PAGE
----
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conies very tiresome. Looking westward across the. harbour one perceives a native village built right upon the water which, with its background of waving cocoanut palms and the brilliant colour of sky and water, produces a most striking picture. The village is reached by boat, although there is also a road running round the harbour connecting the town with the village, being the chief point of interest to visitors.
The natives appear to be a fine race and are evidently fond of frequent bathing. It was very amusing to see the young Papuans, of all sizes, swimming round the steamer and diving for any silver money which might be thrown to them. They are perfectly at home in the water and never fail to secure the coveted coin.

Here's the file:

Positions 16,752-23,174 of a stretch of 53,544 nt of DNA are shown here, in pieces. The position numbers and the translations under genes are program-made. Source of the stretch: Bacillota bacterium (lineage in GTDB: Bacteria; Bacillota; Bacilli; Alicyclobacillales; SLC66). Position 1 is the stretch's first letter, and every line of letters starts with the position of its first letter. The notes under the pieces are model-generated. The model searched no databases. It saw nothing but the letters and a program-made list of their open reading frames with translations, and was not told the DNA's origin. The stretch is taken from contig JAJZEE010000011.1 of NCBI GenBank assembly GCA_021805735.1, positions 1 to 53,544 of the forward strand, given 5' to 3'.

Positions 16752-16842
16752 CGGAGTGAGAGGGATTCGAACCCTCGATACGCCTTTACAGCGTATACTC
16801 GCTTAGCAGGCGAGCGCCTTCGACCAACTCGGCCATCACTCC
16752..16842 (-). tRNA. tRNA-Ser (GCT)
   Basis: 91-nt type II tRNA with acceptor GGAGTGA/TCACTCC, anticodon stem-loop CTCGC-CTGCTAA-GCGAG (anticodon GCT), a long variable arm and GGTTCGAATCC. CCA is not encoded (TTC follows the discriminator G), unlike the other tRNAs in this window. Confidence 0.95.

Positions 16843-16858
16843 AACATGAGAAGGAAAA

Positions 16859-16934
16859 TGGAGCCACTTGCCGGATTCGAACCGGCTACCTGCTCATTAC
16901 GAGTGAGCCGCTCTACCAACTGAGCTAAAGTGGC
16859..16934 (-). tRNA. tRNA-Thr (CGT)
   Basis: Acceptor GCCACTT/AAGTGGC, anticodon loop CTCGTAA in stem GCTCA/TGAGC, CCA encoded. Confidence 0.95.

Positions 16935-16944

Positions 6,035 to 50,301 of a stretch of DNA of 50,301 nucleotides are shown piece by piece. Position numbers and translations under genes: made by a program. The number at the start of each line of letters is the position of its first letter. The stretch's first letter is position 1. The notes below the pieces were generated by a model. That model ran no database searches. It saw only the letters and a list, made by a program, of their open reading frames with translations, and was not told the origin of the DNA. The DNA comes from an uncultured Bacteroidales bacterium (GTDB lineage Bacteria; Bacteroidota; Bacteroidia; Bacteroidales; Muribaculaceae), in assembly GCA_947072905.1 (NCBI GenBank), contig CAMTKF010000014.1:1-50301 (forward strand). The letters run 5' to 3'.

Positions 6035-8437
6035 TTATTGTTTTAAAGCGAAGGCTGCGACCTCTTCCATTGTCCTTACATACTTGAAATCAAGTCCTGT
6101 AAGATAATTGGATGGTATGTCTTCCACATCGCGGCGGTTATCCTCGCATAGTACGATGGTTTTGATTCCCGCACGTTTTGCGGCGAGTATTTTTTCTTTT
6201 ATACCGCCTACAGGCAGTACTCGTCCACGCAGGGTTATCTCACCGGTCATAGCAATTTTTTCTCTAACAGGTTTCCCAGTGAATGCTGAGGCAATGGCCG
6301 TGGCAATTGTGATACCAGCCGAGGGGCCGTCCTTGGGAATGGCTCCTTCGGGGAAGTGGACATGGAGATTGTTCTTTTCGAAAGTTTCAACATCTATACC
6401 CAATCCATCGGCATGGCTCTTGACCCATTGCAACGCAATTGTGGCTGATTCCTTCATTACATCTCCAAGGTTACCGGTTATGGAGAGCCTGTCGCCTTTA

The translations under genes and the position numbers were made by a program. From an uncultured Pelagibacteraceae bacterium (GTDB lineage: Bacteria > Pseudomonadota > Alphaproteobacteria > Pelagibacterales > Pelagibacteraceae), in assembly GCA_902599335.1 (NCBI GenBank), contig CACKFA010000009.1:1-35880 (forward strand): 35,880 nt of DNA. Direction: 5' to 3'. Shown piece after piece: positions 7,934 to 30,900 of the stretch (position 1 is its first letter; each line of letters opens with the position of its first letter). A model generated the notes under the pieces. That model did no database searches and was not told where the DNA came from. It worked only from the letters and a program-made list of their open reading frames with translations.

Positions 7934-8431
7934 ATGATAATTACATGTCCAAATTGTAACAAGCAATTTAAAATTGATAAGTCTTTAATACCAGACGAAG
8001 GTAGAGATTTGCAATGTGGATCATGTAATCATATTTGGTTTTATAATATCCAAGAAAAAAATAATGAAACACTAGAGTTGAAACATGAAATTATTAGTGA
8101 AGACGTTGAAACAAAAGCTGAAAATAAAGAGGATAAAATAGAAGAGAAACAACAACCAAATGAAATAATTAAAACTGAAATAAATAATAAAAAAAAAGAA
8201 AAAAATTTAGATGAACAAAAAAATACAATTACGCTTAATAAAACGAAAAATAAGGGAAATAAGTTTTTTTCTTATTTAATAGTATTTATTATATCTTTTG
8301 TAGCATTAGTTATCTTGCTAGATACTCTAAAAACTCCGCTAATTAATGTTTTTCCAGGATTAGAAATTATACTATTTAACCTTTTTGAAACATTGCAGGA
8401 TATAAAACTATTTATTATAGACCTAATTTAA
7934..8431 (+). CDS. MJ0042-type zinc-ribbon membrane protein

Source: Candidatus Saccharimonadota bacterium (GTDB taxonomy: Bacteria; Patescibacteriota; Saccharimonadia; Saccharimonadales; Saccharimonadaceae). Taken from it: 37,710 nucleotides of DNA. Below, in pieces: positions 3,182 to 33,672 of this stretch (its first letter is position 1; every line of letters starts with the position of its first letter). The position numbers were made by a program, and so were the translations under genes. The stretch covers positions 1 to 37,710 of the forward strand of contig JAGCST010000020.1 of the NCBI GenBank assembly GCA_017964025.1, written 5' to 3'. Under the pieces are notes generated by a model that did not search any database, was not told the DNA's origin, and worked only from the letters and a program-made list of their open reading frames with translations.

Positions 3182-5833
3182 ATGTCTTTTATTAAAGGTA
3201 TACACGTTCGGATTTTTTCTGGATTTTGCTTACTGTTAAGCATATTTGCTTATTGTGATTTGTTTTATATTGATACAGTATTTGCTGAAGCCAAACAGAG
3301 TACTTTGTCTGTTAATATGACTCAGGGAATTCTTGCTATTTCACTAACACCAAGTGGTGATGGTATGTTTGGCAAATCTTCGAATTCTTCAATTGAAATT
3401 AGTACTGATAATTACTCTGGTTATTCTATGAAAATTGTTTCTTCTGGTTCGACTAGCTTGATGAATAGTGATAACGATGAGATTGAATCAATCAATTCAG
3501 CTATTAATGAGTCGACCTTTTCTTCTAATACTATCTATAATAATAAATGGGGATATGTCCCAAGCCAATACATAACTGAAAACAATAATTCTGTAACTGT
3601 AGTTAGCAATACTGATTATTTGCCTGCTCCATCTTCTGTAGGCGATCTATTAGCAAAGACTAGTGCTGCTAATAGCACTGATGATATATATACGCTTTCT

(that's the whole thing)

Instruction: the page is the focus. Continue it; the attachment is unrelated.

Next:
The Wharf.a Native Village.a The s.s "van Waerwijck" coming into Port.
Prominent among the buildings of the "Port" are those forming the official quarters of His Excellency the Lieutenant-Governor. At the time of writing the Honorable Stanisforth Smith was Acting-Governor and had just returned from an exploration trip into the interior. As no news came to hand for many weeks, grave fears were entertained for the safety of the party. Fortunately, however, the explorers returned safely after accomplishing a long and hazardous journey.
The climate of New Guinea is healthy although hot, but the southeast trade winds, which blow for eight months in the year, temper the heat considerably and make existence bearable. The future of Port